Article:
30 Jul Striking A Balance Of Classical Architecture And Sustainable Design

Exterior of old apartment building in Venice

It might surprise you that there are a lot of LEED and Earthcraft certified homes out there that manage to encompass traditional architectural elements. In fact, experts say that the classical architecture of some Southern homes is as green as it gets. Where most would consider the big wrap-around porches and tall shutters of classic Southern architecture to be aesthetically pleasing, the truth is that these features were designed to enable passive heating and cooling without mechanical help.

Developers, architects, and builders are building homes that are not only sustainable environmentally but also with floorplans that provide comfort and utility suiting consumers in multiple life stages.

A recent Builderonline.com article talks about a project in Washington, D.C. that has successfully designed and built a product that has earned a LEED for homes certification and has also established a strong architectural similarity with the historic Capitol Hill district nearby.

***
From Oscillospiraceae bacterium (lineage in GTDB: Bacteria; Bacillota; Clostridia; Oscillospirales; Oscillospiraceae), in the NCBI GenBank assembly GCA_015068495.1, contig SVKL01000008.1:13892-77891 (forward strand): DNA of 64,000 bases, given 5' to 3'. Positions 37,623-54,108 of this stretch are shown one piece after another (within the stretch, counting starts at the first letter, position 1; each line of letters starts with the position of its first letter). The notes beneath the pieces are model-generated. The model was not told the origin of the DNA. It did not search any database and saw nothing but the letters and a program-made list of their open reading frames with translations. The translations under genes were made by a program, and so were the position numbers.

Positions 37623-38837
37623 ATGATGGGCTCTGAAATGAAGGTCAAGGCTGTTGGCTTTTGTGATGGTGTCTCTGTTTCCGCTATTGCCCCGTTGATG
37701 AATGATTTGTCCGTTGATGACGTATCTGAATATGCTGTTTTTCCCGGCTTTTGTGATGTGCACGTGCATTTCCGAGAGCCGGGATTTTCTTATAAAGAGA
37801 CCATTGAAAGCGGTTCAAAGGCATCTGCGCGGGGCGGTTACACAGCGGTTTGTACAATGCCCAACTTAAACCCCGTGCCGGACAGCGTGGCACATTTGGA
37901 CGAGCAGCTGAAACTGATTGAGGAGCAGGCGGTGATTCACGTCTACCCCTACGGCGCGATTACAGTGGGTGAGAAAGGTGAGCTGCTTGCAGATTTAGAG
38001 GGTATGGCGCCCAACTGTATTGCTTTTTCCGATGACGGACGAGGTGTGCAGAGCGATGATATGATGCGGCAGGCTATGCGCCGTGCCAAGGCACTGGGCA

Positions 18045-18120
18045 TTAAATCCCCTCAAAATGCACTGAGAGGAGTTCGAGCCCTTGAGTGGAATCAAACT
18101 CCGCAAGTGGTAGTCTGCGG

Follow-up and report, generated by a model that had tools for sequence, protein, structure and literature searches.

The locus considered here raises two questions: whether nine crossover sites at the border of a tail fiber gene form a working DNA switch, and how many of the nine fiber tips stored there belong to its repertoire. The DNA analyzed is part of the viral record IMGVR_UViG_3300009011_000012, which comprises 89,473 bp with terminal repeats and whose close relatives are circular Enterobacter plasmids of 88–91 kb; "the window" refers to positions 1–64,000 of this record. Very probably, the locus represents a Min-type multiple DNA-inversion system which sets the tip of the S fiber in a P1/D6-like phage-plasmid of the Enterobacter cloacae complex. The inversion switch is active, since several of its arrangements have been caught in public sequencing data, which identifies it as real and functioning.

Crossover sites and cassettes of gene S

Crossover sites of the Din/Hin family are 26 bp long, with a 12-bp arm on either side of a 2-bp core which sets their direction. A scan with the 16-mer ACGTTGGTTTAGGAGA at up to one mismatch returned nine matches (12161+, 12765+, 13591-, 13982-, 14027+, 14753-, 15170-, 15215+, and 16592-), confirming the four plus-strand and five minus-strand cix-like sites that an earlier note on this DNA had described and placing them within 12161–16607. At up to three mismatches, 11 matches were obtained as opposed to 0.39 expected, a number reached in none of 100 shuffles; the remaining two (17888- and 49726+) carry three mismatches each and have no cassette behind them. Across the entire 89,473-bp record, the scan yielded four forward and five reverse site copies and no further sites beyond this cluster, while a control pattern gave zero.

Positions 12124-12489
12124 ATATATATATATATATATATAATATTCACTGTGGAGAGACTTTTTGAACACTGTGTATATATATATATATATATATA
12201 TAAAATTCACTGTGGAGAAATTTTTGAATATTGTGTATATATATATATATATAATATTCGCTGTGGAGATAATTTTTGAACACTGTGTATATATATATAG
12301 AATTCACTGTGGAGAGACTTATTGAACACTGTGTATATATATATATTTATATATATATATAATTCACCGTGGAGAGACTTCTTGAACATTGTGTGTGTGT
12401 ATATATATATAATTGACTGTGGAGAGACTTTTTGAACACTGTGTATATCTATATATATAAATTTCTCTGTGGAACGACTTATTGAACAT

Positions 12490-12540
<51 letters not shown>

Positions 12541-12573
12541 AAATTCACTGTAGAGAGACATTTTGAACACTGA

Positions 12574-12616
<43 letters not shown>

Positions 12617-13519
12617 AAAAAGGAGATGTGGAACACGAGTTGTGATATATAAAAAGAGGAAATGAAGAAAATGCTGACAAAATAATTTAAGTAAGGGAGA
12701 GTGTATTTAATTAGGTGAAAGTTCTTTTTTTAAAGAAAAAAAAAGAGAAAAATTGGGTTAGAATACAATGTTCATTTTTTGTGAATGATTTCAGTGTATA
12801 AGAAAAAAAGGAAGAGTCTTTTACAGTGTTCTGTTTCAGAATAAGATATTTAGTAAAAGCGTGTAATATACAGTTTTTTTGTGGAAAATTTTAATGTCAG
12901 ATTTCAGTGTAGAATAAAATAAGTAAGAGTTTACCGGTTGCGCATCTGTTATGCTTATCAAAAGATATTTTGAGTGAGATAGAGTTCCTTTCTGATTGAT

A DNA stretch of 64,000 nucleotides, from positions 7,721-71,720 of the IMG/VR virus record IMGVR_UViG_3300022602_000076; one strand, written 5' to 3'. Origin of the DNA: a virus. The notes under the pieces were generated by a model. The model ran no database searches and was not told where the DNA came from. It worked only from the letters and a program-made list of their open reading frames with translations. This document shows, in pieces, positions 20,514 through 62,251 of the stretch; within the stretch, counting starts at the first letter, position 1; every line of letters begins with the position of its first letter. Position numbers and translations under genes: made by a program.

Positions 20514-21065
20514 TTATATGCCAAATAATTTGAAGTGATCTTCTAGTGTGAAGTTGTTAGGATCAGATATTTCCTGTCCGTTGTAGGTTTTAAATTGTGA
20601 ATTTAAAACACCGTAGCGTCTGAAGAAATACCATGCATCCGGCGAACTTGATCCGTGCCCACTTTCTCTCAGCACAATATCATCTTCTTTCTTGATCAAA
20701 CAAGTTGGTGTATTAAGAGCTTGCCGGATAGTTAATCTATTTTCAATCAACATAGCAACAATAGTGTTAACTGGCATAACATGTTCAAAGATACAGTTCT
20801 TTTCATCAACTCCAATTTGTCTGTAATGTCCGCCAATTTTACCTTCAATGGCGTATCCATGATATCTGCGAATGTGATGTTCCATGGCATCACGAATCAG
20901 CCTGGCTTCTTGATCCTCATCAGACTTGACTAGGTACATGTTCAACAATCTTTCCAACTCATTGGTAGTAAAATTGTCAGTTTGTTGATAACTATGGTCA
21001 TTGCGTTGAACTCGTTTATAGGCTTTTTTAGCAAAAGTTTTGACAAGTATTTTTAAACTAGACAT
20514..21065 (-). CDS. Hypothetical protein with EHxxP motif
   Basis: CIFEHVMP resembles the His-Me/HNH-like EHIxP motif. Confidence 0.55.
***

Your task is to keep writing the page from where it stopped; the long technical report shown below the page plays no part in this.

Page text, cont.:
The goal of homebuilders now is to strike a successful balance between energy efficiency and classical design, resulting in a more sustainable product. Up until recently we have seen LEED and Earthcraft certified homes incorporating very contemporary designs. These home designs also aggressively showcase the sustainable features incorporated. These new homes in Washington, D.C. do the opposite. They tastefully mask their sustainable features allowing more classical and sustainable aesthetics to shine.

If builders are able to successfully strike the balance of sustainability and age-proof design we are going to see a lot of meaningful and efficient communities in the future. It’s going to be interesting to see how far the modern designs can go in comparison to the more traditional ones that still successfully incorporate energy efficient features.

Sibet B Freides